Friday marks the official release of Thor: Ragnarok in theaters everywhere. It’s the third sequel following Thor (2011) and Thor: The Dark World (2013). While fans of the superhero franchise don’t need much convincing to go see the latest movie release from the Marvel Cinematic Universe, many people were specifically excited about witnessing the portrayal of the MCU’s first openly bisexual character, Valkyrie. However, moviegoers should prepare to be let down. In a Rolling Stone interview published on Tuesday, Tessa Thompson, who plays Valkyrie, revealed that the only scene that confirmed the female superhero’s sexuality was cut from the film. The decision to scrap this scene begs the question: do we need proof of someone’s sexuality on camera in order for it to be true?
One of the things that annoys me to no end is when LGBTQ characters are written to make constant references about their sexuality in their respective films and televisions. From Emily (Shay Mitchell) on Pretty Little Liars to Lafayette (Nelsan Ellis) on True Blood, it's as if writers think viewers will forget that openly gay and bisexual characters aren’t straight unless we can see or hear the specific details of their love lives. No such effort is ever required of straight characters. Fans of Fearless Defenders, the comic book series where Valkyrie is one of the main characters, know that she is bisexual. She had a fling with Dr. Annabelle Riggs. This, in addition to Thompson’s confirmation the film version of the character is also queer, should be enough to quantify Valkyrie as an openly LGBTQ character.
However, representation matters. And we do ourselves a disservice when we think that it’s a fight won in visibility alone. Not only do we need to be able to account for marginalized people on screen — especially in action/sci-fi genre — we need to see marginalized experiences on screen as well. This is why the scene that was cut from Ragnarok — according to Thompson, it showed a woman leaving Valkyrie’s bedroom — is important. It normalizes sexual relationships between people of the same gender and slashes through the heteronormativity inherent in the genre.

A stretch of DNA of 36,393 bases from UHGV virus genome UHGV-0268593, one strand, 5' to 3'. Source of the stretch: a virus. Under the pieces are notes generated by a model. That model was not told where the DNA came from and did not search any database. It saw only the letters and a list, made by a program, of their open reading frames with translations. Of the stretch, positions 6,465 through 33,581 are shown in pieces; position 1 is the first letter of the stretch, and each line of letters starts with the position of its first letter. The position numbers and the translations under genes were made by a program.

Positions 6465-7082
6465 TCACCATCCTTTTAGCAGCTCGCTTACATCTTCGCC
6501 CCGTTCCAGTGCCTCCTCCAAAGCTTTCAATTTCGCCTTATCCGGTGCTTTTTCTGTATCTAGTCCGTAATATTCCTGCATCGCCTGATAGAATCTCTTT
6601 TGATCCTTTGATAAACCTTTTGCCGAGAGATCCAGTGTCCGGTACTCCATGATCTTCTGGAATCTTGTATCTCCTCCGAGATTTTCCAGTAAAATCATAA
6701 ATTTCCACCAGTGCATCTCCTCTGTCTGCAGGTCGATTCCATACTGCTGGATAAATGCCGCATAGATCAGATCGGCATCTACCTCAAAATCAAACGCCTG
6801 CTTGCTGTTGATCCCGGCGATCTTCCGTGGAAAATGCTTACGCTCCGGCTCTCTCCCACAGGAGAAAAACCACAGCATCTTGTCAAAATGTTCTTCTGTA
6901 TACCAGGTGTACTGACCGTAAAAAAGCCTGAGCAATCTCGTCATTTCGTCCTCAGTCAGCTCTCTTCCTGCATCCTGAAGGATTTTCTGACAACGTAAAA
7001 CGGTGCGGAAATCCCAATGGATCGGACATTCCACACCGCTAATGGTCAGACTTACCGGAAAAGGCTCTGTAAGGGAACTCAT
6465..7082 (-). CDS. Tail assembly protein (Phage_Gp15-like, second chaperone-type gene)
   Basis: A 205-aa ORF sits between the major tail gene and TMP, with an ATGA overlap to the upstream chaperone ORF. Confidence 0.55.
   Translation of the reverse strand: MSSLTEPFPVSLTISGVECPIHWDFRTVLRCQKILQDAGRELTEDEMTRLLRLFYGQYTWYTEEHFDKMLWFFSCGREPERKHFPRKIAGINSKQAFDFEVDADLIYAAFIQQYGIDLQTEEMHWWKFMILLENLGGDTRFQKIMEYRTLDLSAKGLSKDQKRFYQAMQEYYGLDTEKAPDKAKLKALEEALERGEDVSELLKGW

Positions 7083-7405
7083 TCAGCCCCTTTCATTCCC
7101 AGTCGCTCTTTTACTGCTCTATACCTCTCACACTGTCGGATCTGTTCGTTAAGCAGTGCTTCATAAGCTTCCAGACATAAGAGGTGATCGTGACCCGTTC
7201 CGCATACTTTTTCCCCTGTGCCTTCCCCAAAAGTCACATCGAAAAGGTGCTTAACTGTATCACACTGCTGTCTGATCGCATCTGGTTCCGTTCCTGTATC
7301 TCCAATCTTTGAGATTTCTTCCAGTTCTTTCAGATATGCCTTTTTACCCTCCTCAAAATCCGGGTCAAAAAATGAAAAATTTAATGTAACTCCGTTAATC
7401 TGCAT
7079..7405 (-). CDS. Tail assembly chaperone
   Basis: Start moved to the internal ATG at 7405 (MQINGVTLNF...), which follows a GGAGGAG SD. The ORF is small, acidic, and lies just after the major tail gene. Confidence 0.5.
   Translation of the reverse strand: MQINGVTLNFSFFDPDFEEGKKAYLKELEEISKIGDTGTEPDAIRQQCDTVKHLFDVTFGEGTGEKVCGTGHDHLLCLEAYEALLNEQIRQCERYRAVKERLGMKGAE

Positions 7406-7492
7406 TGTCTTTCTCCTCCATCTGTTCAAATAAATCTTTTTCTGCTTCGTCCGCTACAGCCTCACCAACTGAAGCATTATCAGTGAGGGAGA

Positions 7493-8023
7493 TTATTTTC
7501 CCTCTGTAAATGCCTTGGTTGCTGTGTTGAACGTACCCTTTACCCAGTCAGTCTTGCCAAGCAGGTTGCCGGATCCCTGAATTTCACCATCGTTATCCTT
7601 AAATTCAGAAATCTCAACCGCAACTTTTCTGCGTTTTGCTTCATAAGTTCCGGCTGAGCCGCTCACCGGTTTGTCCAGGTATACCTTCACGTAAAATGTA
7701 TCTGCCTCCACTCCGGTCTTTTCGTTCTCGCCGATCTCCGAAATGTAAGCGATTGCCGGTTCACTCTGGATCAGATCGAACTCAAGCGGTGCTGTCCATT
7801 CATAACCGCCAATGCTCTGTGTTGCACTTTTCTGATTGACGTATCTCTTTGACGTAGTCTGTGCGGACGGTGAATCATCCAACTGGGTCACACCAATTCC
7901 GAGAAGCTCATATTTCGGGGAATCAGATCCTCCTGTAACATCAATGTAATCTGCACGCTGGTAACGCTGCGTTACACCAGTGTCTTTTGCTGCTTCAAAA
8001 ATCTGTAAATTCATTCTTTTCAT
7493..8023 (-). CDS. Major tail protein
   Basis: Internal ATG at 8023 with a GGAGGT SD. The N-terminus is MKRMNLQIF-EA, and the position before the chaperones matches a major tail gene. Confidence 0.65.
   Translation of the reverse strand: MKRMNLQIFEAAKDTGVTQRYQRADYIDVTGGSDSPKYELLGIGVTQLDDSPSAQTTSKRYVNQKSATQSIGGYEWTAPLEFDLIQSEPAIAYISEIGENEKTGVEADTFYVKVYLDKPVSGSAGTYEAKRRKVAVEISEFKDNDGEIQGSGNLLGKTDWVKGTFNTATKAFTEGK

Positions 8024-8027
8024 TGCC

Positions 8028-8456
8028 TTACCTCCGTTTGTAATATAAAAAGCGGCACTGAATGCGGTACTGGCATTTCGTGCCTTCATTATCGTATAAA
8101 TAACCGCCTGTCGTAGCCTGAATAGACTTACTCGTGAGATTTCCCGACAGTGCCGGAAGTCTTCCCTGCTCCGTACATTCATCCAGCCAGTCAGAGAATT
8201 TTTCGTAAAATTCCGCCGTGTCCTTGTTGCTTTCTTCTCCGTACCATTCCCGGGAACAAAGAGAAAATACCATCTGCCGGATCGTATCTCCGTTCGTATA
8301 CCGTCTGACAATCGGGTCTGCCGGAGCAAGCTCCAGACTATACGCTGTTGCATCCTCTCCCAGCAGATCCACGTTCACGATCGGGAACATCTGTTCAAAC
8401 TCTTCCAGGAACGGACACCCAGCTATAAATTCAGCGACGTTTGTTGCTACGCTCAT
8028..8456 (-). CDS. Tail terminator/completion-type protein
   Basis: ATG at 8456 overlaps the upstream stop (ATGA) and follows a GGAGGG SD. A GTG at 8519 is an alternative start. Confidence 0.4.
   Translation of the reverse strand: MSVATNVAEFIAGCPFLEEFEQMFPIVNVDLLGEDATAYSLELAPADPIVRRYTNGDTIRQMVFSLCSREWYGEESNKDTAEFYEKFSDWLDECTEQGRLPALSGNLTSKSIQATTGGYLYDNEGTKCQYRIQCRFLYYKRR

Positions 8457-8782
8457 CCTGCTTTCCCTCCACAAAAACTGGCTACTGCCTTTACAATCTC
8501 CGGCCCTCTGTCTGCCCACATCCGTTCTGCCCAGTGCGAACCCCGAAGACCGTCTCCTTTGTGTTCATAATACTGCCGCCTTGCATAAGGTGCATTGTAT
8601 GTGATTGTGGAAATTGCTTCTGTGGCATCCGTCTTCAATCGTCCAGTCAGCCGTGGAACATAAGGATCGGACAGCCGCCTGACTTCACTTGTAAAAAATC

Thompson says she fought for the scene that ultimately had to be cut because it served as a “distraction” from an essential plotline. Ironically, the rationale for excluding the scene is exactly why it was so necessary. That queer romance is still treated as an occurrence that requires explanations, time, and attention is all the more reason to put more of those relationship dynamics on screen. Straightness is often communicated with a passing glance, a single phrase, a wardrobe choice, or some other inconspicuous device. The same can be true for queer relationships. Thor: Ragnarok doesn’t have to prove Valkyrie’s sexuality to its viewers. But they should validate it as an important part of who she is as a character.
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